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Beware the ‘luck’ capstone
  1. Sheree Bekker1,
  2. Lauren V Fortington1,
  3. Evert ALM Verhagen1,2,
  4. Caroline F Finch1
  1. 1 The Australian Centre for Research into Injury in Sport and its Prevention (ACRISP), Federation University Australia, Ballarat, Victoria, Australia
  2. 2 Amsterdam Collaboration on Health & Safety in Sports, Department of Public and Occupational Health, VU University Medical Center, Amsterdam Movement Science, Amsterdam, The Netherlands
  1. Correspondence to Sheree Bekker, Australian Centre for Research into Injury in Sport and its Prevention, Federation University Australia, Ballarat, Victoria 3353, Australia; s.bekker{at}

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The recent BJSM educational review describing an ‘injury prevention pyramid for elite sports teams’, which has been widely promoted through social media, suggests that bad ‘luck’ plays a definitive role in injury occurrence, depicting its notable role as the capstone.1 This is in direct contrast to the rich theoretical and empirical history of injury prevention research, which refutes the concept of bad ‘luck’ in sports injury causation entirely.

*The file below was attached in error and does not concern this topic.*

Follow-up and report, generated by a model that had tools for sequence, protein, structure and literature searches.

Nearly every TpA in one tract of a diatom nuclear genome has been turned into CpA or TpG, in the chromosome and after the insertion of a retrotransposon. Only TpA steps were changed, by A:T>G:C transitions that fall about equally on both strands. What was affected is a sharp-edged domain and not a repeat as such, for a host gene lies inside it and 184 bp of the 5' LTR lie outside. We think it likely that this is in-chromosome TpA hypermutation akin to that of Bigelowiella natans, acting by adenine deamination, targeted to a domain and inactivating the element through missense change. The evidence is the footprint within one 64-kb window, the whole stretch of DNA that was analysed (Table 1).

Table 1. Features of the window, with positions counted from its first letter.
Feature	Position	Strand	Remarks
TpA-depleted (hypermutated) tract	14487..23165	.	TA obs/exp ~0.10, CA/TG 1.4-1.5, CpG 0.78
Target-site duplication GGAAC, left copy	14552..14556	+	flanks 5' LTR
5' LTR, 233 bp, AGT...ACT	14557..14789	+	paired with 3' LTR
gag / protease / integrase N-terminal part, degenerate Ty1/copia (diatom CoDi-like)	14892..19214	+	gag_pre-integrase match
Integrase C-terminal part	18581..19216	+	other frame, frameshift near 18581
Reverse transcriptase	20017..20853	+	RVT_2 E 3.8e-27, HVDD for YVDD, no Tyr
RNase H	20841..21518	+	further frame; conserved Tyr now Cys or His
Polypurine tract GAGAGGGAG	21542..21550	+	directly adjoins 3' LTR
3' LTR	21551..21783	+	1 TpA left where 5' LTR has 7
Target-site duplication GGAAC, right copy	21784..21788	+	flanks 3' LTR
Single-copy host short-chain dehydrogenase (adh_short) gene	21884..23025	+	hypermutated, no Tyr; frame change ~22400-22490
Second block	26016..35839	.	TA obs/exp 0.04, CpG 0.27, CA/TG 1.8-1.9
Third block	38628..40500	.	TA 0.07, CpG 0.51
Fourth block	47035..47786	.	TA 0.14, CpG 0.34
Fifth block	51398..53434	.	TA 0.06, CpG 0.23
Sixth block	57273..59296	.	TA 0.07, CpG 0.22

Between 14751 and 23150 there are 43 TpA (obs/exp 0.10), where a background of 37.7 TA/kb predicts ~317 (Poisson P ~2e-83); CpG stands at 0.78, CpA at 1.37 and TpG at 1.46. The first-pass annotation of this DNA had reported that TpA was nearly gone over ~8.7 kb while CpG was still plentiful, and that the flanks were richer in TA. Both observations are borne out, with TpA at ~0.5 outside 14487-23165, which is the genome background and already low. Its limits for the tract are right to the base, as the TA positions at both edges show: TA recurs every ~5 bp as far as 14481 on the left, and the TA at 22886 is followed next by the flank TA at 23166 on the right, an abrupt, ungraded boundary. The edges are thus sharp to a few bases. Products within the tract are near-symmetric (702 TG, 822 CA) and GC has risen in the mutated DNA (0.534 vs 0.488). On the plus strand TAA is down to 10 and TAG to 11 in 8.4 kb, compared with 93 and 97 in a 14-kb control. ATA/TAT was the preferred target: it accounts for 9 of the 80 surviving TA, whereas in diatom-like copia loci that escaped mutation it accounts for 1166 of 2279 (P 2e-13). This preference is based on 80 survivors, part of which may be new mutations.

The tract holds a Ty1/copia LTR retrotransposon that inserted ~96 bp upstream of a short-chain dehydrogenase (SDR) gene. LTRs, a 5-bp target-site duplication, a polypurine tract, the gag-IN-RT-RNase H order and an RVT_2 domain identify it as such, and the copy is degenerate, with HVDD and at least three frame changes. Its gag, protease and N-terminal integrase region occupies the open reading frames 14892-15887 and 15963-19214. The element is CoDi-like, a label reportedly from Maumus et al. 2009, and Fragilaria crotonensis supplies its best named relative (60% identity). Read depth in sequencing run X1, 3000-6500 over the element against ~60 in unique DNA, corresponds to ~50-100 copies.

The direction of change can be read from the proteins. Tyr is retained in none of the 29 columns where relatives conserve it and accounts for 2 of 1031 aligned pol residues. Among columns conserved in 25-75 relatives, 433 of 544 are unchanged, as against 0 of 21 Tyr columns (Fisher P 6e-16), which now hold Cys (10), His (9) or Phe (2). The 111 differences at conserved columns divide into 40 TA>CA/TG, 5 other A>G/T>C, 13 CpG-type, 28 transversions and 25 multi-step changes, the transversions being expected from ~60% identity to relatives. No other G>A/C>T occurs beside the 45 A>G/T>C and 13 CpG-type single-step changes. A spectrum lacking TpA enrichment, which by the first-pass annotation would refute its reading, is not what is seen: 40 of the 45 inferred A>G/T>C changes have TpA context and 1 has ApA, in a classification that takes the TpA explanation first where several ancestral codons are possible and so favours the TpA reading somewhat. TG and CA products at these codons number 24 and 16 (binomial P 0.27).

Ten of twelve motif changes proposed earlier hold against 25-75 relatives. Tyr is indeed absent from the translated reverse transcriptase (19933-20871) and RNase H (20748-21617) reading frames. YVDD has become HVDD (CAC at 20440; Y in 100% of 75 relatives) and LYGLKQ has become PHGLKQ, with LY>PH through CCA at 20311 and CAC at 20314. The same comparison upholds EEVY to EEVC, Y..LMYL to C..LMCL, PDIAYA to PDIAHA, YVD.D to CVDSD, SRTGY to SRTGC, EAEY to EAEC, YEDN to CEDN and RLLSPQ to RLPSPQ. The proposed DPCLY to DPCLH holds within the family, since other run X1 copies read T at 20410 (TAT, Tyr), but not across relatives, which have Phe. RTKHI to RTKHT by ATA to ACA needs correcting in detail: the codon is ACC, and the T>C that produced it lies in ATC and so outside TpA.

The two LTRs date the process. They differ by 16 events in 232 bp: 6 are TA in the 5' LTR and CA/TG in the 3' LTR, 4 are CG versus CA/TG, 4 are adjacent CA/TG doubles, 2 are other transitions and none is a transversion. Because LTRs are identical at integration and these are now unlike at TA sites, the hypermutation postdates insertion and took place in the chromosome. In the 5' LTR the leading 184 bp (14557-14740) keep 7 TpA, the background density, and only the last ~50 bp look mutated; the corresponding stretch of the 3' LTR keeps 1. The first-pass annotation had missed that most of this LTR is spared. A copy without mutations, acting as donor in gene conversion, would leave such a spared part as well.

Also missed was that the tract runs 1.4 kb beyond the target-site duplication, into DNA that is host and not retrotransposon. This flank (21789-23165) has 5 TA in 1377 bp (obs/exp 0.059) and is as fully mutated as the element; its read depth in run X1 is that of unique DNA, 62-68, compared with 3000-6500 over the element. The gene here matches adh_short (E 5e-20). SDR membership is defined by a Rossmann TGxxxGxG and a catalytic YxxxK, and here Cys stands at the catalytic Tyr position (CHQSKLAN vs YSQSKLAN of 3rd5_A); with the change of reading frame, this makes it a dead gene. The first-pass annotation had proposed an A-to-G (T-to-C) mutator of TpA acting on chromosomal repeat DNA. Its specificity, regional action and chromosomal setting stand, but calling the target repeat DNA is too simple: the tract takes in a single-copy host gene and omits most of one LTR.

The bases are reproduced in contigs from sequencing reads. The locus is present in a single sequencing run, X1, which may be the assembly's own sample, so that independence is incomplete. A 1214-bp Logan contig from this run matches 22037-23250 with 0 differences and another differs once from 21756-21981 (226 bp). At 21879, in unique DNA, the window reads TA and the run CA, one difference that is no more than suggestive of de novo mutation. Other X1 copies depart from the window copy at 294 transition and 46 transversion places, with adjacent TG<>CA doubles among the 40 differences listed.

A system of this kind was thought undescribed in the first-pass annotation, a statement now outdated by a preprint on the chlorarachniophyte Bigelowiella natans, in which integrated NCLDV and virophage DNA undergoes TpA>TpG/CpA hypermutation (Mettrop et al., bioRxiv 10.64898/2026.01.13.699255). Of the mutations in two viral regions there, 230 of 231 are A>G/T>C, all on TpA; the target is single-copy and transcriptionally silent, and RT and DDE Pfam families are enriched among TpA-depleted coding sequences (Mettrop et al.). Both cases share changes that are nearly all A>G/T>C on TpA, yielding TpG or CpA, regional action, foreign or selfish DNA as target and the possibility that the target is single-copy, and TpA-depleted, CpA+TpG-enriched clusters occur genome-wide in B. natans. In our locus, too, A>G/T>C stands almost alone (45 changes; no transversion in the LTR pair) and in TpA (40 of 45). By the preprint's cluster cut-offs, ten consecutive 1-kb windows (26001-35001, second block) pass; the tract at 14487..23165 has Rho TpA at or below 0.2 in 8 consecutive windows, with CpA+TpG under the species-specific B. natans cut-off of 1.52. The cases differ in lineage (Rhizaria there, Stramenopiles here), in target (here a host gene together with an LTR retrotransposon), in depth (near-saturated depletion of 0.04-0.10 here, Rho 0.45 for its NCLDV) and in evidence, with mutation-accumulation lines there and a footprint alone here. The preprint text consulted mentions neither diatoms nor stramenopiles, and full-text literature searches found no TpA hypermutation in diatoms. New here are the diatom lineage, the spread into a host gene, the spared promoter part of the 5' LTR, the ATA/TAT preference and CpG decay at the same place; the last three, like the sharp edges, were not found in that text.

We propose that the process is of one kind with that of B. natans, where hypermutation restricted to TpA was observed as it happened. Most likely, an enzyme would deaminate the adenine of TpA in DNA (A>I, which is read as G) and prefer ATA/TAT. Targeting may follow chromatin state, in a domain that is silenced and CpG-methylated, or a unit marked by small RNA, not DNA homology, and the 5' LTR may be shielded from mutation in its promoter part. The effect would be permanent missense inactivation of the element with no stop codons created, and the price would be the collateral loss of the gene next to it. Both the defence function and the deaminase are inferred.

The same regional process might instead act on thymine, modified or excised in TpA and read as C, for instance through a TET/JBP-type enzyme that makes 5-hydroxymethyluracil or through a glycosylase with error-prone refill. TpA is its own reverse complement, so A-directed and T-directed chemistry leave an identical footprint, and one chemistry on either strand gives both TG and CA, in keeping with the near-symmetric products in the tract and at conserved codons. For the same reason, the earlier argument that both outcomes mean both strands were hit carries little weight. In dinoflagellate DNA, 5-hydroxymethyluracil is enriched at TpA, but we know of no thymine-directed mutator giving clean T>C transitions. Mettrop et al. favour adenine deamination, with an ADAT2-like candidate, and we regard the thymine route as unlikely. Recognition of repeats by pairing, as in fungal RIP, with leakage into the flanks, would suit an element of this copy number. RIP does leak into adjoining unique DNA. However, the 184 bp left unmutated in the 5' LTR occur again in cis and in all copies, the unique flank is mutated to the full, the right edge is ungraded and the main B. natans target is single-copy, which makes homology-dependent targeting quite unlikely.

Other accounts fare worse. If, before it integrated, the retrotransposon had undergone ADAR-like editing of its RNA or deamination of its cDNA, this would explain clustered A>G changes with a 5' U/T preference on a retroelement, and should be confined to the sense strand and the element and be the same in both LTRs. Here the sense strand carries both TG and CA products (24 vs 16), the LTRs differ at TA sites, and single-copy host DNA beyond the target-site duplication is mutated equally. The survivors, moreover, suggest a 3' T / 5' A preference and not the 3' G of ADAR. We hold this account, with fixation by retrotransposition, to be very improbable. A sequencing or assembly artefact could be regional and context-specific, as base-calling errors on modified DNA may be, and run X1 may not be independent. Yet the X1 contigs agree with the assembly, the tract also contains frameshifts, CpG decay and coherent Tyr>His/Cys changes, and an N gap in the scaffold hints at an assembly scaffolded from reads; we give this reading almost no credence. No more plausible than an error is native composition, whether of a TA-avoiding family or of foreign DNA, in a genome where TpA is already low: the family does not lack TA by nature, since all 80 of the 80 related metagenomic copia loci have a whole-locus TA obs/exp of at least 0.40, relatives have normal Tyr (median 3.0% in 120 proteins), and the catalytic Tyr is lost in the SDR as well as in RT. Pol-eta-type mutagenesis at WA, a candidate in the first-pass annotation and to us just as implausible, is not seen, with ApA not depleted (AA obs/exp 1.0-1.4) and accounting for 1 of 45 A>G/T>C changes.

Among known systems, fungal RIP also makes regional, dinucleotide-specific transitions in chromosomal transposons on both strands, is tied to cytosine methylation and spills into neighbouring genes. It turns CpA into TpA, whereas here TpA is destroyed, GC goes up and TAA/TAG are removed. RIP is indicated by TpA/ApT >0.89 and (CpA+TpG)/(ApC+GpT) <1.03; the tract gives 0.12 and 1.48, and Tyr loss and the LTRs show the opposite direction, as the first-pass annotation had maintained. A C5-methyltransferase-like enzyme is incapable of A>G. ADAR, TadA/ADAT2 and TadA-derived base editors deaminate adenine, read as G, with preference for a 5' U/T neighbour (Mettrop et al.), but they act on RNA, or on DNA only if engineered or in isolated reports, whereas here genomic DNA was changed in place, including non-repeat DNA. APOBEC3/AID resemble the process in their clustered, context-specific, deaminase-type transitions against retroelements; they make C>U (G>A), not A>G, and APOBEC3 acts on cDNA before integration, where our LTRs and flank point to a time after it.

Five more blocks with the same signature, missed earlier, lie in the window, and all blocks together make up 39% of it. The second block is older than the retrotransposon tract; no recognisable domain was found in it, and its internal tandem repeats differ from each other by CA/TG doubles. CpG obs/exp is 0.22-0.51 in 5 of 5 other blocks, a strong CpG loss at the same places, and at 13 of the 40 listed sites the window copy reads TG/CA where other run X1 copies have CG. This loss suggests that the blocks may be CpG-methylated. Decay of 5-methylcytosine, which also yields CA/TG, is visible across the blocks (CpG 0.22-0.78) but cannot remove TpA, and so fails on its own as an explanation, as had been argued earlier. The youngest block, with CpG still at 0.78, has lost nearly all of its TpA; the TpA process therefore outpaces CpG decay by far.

In positioning ‘luck’ as the capstone of their injury …

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  • Twitter @shereebekker, @LFortington, @EvertVerhagen, @CarolineFinch

  • Contributors SB drafted this correspondence. LVF, EV and CFF provided expert input and feedback.

  • Competing interests None declared.

  • Provenance and peer review Not commissioned; internally peer reviewed.